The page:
You have a new best friend and it’s time to learn how to potty train a Shih Tzu puppy. The Shih Tzu has a somewhat bad reputation for housebreaking difficulties. Owners are often concerned that the new puppy is taking too long to housebreak—or worse yet, will never be housebroken. Why is a Shih Tzu difficult to housebreak? Dogs of this breed, like other small dog breeds, have small bladders and simply need to relieve themselves more often. Combine that puppy sized, Shih Tzu bladder with a puppy’s short attention span and the breed’s high energy, and it is easy to understand the difficulties of housebreaking a Shih Tzu. Following a few simple steps will help you potty train your Shih Tzu with confidence.
- Choose a potty spot for your Shih Tzu. This may be a readily available location outside the back door or a specialty indoor potty training mat—or a combination of the two. Choosing a location and consistently allowing the Shih Tzu to potty only in that area helps the animal associate the actions with the proper location.
- Remember that potty time is not play time. Puppies are cute and full of playtime energy, but potty breaks should focus on the task at hand. When you take the puppy to potty, use commands and phrases such as “time to potty,” “hurry up,” or something similar—and continue to offer these orders without allowing playtime until the puppy relieves himself. Once the “business” side of housebreaking is complete, praise the puppy and play with him. You will appreciate the “hurry up” training later when you are on a 3 a.m. potty break in the dead of winter!
- Set a consistent feeding schedule. Your puppy will need to eliminate shortly after a meal. The added pressure of a full tummy is too much for a puppy sized bladder. Avoid free feeding your dog until he is fully housebroken so that you are more readily able to monitor him after a meal.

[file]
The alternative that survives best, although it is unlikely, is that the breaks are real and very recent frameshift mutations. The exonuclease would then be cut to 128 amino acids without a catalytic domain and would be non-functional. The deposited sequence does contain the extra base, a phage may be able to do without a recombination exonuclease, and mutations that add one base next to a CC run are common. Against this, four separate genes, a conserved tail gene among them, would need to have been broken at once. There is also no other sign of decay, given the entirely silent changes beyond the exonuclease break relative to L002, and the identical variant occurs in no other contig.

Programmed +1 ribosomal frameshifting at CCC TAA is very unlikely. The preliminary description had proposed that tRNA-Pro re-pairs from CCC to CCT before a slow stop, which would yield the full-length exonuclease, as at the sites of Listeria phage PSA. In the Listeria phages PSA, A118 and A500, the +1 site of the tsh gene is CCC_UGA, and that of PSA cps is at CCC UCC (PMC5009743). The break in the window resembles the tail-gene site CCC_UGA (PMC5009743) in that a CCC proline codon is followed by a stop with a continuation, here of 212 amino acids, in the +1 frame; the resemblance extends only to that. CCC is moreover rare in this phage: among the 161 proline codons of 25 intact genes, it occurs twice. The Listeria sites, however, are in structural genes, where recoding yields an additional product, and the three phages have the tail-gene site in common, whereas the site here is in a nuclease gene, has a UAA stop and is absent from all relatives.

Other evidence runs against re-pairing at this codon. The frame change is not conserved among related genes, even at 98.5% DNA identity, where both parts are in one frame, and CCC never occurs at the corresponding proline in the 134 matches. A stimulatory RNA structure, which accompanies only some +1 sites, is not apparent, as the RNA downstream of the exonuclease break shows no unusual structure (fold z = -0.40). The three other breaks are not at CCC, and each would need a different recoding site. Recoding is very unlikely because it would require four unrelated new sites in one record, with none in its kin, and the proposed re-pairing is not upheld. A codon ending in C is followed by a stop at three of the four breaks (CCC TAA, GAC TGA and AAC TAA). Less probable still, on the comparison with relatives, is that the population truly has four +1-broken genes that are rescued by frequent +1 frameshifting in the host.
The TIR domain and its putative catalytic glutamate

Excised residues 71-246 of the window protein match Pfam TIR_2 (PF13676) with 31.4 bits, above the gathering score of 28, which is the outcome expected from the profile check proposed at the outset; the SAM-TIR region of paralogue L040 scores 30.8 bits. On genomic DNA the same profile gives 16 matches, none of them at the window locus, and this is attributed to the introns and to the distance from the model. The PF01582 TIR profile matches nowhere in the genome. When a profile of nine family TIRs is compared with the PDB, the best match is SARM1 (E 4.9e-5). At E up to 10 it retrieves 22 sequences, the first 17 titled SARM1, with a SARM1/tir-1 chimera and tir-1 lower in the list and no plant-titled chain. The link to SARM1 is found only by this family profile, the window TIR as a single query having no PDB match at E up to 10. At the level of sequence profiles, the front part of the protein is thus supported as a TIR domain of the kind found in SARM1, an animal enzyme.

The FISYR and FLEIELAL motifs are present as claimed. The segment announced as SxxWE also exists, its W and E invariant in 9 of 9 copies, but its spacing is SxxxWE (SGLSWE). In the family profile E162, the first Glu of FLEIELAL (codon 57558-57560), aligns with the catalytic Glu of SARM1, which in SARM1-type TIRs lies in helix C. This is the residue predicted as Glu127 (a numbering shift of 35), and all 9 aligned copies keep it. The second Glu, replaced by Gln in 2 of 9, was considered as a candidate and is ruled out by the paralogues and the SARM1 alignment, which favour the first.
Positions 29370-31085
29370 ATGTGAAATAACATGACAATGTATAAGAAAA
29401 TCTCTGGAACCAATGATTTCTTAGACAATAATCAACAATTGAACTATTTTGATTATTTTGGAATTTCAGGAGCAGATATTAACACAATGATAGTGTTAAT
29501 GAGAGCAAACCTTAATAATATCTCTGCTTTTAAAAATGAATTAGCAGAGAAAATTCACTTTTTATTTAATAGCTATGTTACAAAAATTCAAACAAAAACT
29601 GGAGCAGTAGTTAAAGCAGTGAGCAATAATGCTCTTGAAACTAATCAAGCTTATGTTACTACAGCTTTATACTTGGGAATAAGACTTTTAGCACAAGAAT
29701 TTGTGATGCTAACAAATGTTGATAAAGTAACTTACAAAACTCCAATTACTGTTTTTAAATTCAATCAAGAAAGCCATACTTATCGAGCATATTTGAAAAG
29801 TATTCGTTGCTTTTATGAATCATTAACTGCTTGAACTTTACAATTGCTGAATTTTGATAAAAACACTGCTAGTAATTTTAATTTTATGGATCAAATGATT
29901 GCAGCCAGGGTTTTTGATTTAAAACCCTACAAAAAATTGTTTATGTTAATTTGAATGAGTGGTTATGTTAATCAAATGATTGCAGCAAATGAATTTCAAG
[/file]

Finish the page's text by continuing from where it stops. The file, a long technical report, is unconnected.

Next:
- Offer frequent potty breaks. You really need to devote yourself to the potty training adventure. This will mean taking your Shih Tzu to the designated potty spot frequently, especially after meals and naps. In fact, when you are home with your dog, you should take him to the potty zone every 30 to 45 minutes—even through the night. As with a new human baby, training your Shih Tzu baby will likely disrupt your sleep for several months. Remember that a properly housebroken dog will make your life easier in the future.
- Supervise your Shih Tzu constantly. Even with frequent potty breaks, your new puppy may have an accident. It is important to watch your pet closely and look for the tell tale potty signs such as squirming, circling or squatting. If you are not able to watch the puppy, confine him to a crate or a puppy proofed room in your absence.
- Set up a crate or puppy proof room for times when supervision is not available. You should not allow the puppy to freely roam the home until she is completely housebroken. Instead, set up a puppy safe room or a properly sized crate to confine the dog in your absence. She should not be confined for more than two hours, however, or you will be hampering your training efforts. You may need to return home from work during break times if possible to take the puppy out—or enlist a family friend to help when you are unavailable.
- Praise rather than punish your Shih Tzu for accidents. Your puppy is growing and learning and is not misbehaving when she has an accident. Praise the puppy when she does well—but do not overly scold when she makes a mistake. Instead, take note of her behavior and learn to better identify your puppy’s “potty signs.”
Expect to devote several weeks to consistent training—and allow for several months for that puppy sized bladder to adapt to indoor living. Your Shih Tzu may not be able to be completely housebroken and unsupervised for six months or longer. Being consistent and patient will help you properly housebreak your dog for life.